Monday, October 3, 2022

Calaveras County Sheriff's Office -- Undersheriff Jim Macedo Retires

Calaveras County Undersheriff Jim Macedo

Story by Capt. Rachelle Whiting
Calaveras County Sheriff's Office

Undersheriff Jim Macedo has either worked in, supervised, or managed every division, unit, and team in the Sheriff’s Office during his career. It would be impossible to list all of his accomplishments and highlights throughout this time, however, here is some information to memorialize Jim:

Undersheriff Macedo holds degrees in both Biology and Criminal Justice Management. He is married to a prosecutor and they raised two sons during his time working for the Sheriff’s Office. He is second-generation law enforcement.

Macedo started working for the Sheriff’s Office on November 14, 1994. He carried his father’s service 357 Revolver as his first duty weapon. He was hired by Sheriff Bill Nuttall and worked through FIVE Sheriffs (including himself, but we’ll get to that later) throughout his 28-year career with the Calaveras County Sheriff’s Office. Sheriffs Nuttall, Downum, Kuntz, Macedo and DiBasilio.

Macedo worked as a patrol Deputy during the days when you had to check out a portable radio as well as your vehicle and check them both back in at the end of shift because there were not enough radios or cars for everyone. At this time, the department had a total of two computers, both of which were located in Dispatch. Deputies hand-wrote their reports. I’m not making this up as a joke, this is fact.

Macedo was the Sheriff’s Office Employee of the Year in 1998. He worked on the Special Enforcement Team including monitoring 290 registrants. One highlight that Macedo remembers from working SET was when he identified a convicted sex offender from San Jose who was hiding out in the Forest Meadows area. Jim did surveillance for days and figured out where the suspect was located in order to take him into custody. We do not know who was more surprised about the arrest, the suspect, or the parents of the kids that the suspect was giving piano lessons to.

Macedo worked in Narcotics for years and held a position on the Narcotics Entry Team. For the newer Deputies, an assignment to work narcotics during those times is nothing like the current MET Team now. While working in an undercover capacity in Calaveras, Alpine, and Amador counties; Macedo made no less than a hundred undercover buys of all kinds of drugs including marijuana, meth, mushrooms, and MDMA, to name a few. During this time working Narcotics, Macedo and his team investigated and dismantled numerous clandestine drug labs. He once took down 2 labs in one day. During one notable case, Macedo and his Narcotics Unit co-workers investigated a Mexican National drug cartel that was producing 150 pounds of methamphetamine per cook. They coordinated seven search warrants served simultaneously to take down the drug ring. During his time working in Narcotics, Macedo also assisted detectives with numerous investigations including high-profile cases.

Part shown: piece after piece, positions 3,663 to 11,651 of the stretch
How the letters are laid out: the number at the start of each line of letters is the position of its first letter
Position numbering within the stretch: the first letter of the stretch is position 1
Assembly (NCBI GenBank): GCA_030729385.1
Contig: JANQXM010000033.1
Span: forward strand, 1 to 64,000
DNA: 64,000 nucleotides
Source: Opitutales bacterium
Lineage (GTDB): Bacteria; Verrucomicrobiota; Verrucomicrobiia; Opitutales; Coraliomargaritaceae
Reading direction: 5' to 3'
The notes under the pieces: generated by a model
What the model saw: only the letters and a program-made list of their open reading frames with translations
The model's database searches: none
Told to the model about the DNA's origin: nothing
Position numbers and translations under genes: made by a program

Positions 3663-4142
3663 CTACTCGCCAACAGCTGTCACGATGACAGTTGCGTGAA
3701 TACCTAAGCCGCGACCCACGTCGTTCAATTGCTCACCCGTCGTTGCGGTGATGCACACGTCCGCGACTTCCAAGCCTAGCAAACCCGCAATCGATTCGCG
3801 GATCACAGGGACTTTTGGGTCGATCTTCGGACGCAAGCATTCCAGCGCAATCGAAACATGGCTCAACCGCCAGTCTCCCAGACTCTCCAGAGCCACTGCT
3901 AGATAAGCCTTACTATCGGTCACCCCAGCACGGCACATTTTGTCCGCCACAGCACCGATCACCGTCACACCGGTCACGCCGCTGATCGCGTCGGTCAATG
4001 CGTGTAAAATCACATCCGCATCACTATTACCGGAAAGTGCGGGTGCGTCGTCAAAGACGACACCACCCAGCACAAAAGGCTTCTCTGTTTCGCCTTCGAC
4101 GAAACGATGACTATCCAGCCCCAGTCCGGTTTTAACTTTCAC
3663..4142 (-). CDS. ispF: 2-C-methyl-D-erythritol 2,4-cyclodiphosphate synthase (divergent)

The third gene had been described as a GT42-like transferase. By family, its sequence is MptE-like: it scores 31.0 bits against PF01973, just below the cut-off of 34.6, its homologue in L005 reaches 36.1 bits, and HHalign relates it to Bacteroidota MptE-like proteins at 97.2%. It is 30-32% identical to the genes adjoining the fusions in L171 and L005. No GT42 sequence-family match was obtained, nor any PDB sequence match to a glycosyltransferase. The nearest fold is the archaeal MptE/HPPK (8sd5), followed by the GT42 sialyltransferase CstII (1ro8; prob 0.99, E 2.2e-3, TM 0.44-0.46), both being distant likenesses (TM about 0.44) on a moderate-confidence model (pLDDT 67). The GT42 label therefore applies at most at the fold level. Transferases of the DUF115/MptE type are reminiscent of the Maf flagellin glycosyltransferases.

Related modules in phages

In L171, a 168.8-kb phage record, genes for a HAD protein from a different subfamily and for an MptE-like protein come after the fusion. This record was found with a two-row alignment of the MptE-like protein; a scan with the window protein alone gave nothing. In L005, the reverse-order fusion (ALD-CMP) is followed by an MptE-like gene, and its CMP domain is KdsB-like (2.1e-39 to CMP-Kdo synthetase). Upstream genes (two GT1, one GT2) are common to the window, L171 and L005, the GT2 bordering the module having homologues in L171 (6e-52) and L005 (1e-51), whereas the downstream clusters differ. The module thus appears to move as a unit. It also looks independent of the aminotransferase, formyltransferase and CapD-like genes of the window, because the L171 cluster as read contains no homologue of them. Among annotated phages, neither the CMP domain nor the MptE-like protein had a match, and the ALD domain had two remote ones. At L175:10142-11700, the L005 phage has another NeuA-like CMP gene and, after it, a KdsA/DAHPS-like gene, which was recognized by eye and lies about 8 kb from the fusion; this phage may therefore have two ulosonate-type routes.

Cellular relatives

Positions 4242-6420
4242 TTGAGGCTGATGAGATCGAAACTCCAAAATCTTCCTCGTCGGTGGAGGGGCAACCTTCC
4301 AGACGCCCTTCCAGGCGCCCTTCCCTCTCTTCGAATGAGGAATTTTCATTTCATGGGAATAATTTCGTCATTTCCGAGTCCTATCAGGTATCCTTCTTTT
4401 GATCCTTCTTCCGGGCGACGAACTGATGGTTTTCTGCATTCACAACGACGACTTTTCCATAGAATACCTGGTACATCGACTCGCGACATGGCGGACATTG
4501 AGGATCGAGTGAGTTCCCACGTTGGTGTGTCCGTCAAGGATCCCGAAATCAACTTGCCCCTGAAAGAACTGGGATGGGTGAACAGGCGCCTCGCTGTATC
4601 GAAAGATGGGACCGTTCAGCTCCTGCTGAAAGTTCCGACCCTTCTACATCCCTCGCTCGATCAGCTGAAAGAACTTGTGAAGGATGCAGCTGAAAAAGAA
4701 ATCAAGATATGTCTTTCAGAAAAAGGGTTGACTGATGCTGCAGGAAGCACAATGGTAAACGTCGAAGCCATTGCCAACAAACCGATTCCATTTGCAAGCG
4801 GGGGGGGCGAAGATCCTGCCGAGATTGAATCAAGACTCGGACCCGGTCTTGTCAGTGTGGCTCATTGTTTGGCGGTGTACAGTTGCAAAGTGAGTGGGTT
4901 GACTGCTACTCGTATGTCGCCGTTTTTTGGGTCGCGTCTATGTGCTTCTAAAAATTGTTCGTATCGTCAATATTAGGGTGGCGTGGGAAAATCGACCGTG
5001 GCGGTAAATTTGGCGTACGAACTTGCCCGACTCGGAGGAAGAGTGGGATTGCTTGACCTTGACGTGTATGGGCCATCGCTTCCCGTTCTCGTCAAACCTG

As a Field Training Officer, Macedo trained around 24 to 26 deputy sheriff trainees. That is quite a number of brand new deputies who cycled through Jim’s patrol car. Yes car, because according to Jim real cops drove the cars, not the SUVs. Some of those trainees are now Lieutenants with our Department. If you see the ones with a nervous tick, now you know where it started. Not to mention those of us that had to fight Jim during defensive tactics training when he wore the red man suit.

Macedo is a former Treasurer for the Deputy Sheriff’s Association and later spent time as President of the Sheriff’s Management Union.

He testified during the trial and death penalty for the Speed Freak Killers (Shermantine and Hertzog) serial killer case. He is a court-certified expert for testimony in narcotics and gangs in both state and federal courts.

Macedo was promoted to Sergeant and supervised shifts on patrol. For those of us that worked under then Sergeant Macedo, we got used to not knowing where Jim would pop up next to keep us on our toes and learning quickly how to write reports for the stuff that Jim would initiate.

Macedo spent about 3 years as a Lieutenant working as the Jail Commander and the Patrol Division Commander. He was involved for many years on SARB, the School Attendance Review Board.

12 years as a Captain, Macedo has helped lead the department’s upper management Sheriff’s Administration. This included through the Butte Fire in 2015 that devastated our county. With the unfortunate death of Sheriff Gary Kuntz, Macedo was our acting Sheriff from October 2015 to June 2016 until the appointment of our current Sheriff Rick DiBasilio, who would later appoint Macedo to the Undersheriff position.

Macedo has spent many years managing the Sheriff’s Volunteer Unit and is not only a leader amongst that group, but also a friend to many.

Macedo worked to create the new CSI position at our agency. He was also integral in getting our Budget Analyst position and the structure of our current Financial Division.

Macedo has provided testimony for state committees on various topics. He has lobbied and worked with other leaders in law enforcement in Sacramento and Washington D.C. for funding for our department.